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YAOUNDÈ, Cameroon – A series of floods in South Africa earlier this month left at least 443 people dead and 13,000 homes destroyed, causing Catholic Church leaders to point to the growing climate change crisis.

The floods hit South Africa’s KwaZulu-Natal and Duran provinces, which were also hit hard by the COVID-19 pandemic and the former was also the scene of protests following the jailing of former President Jacob Zuma on corruption charges.

Father Peter-John Pearson, the director of the Southern African Bishops’ Catholic Parliamentary Liaison Office, noted that “it has been an awful time for the Province of KwaZulu-Natal.”

“It is also an area driven by strong factionalism and politically motivated deaths. So the levels of despair are understandably high. There seems to be no obvious silver lining anywhere. Four hundred and forty three people have died, 13,000 homes destroyed, 500 schools and personal property loss, which makes for multi-layered devastation,” he told Crux.

Archbishop Siegfried Mandla Jwara of Durban has put down the disaster to climate change and aging infrastructure.

“Last night in church I talked a lot about climate change because there are people who don’t quite understand, but now we can see its consequences,” Jwara said during his Easter homily.

Pearson told Crux that the devastation which has hit the poor particularly hard underscores an overlooked reality in the fight against extreme weather – the fact that protecting people is not just about tackling environmental problems; it is also about tackling social issues.

“As is always the case in these sad occurrences, it is the poor who suffer most. It is the informal housing that is most susceptible, the poor and long neglected infrastructure such as drainage systems, good roads and such conditions typical of under-resourced areas that compound tragedy with tragedy,” he said.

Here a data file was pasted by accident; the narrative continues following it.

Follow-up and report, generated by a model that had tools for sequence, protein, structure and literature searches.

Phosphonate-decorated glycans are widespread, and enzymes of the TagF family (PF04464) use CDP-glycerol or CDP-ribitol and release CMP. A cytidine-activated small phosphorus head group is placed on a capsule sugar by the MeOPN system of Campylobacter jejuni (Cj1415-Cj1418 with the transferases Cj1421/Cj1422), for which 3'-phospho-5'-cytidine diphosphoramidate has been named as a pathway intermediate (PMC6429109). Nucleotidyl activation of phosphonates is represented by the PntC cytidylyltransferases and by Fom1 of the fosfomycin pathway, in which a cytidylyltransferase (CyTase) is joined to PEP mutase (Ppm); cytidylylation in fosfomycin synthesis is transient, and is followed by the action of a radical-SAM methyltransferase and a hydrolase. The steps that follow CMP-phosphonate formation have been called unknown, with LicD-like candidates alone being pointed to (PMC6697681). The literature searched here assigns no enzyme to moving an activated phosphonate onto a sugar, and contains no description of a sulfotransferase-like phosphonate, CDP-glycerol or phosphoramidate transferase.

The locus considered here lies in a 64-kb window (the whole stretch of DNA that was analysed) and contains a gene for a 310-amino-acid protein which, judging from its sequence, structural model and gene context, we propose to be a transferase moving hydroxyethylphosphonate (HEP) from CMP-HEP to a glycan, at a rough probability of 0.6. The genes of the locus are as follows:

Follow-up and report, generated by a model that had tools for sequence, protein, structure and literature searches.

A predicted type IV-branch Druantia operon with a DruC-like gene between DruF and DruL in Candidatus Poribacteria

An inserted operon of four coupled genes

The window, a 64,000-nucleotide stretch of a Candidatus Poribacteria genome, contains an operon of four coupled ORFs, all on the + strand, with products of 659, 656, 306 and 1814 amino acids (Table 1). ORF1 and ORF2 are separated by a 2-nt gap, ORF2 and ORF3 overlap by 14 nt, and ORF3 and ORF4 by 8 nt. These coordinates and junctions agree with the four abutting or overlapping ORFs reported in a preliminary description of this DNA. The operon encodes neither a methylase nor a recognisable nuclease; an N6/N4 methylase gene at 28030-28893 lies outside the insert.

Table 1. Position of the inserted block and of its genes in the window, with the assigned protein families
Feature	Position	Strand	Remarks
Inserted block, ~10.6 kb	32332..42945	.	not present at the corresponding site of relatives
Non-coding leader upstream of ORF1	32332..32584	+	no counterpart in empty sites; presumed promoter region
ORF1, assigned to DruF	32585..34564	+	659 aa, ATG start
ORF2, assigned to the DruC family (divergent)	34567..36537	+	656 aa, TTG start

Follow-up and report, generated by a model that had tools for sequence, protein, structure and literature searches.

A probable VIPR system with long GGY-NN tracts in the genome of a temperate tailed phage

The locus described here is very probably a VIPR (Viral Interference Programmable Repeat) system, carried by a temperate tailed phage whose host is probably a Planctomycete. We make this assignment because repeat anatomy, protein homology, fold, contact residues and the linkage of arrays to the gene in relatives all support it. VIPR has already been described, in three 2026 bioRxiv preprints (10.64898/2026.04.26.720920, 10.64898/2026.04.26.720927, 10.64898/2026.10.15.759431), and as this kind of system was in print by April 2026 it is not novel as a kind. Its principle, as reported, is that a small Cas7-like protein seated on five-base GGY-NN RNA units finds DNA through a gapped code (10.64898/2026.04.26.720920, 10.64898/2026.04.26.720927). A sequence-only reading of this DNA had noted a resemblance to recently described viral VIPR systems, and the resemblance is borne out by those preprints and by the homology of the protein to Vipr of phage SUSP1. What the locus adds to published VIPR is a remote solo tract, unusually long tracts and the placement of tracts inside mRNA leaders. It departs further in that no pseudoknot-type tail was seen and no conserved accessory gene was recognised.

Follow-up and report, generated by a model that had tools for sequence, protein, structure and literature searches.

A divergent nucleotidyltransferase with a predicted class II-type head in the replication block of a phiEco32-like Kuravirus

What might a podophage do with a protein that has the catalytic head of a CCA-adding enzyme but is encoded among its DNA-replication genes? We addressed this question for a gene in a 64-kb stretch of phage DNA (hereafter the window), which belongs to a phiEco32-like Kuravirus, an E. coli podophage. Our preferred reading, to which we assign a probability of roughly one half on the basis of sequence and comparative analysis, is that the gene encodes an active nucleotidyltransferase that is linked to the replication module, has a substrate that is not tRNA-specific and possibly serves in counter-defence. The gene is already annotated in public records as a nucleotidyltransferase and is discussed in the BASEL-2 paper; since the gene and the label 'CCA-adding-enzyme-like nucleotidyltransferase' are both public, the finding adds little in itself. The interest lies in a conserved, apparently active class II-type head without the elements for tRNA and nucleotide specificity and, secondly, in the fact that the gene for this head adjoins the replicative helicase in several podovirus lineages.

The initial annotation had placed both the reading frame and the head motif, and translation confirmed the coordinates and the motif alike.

“Had the areas been properly serviced, the infrastructure implemented or maintained, better housing provided for the homeless, some portion of the devastation would have been at least somewhat mitigated. Alongside the human contribution and linked to it is the contribution of climate change and environmental degradation and this must serve as yet another warning to take the changes seriously and to prioritize mitigation strategies with a special emphasis on the poor,” the priest continued.

South African President Cyril Ramaphosa declared a national state of disaster due to the floods, and announced that the government had $67 million to help those most affected.

However, Pearson fears that money might not reach those in need.

“The government has released huge sums of money to begin the rebuilding work. There is a deep suspicion that as with COVID, monies will be channeled into private pockets, tender processes will be rigged and political interference will dilute the response,” he told Crux.

The president sought to allay such fears, noting that “there can be no room for corruption, mismanagement or fraud of any sort.”

“Learning from the experience of the COVID-19 pandemic, we are drawing together various stakeholders to be part of an oversight structure to ensure all funds disbursed to respond to this disaster are properly accounted for and that the state receives value for money,” he said.

Pearson has welcomed the president’s precautionary measures against corruption, noting that “it is interesting that the President has channeled some monies through an existing fund – the Solidarity Fund – overseen by the private sector as one means of avoiding corruption.”

Even with the promised government assistance, private charity still has a role to play in helping those affected by the disaster.

Pearson told Crux that the Catholic Church has “provided basic necessities – through the Caritas structures – and civil society has acted very promptly in meeting material needs.”

But he warns that relief is going to take a long time.

“Even with the best will in the world, much of what needs to be restored and healed and rebuilt cannot be done materially or financially. It needs a long healing process, a balm to deal with the trauma. This is an area where the churches will have to step up and provide psycho-social pastoral support,” he told Crux.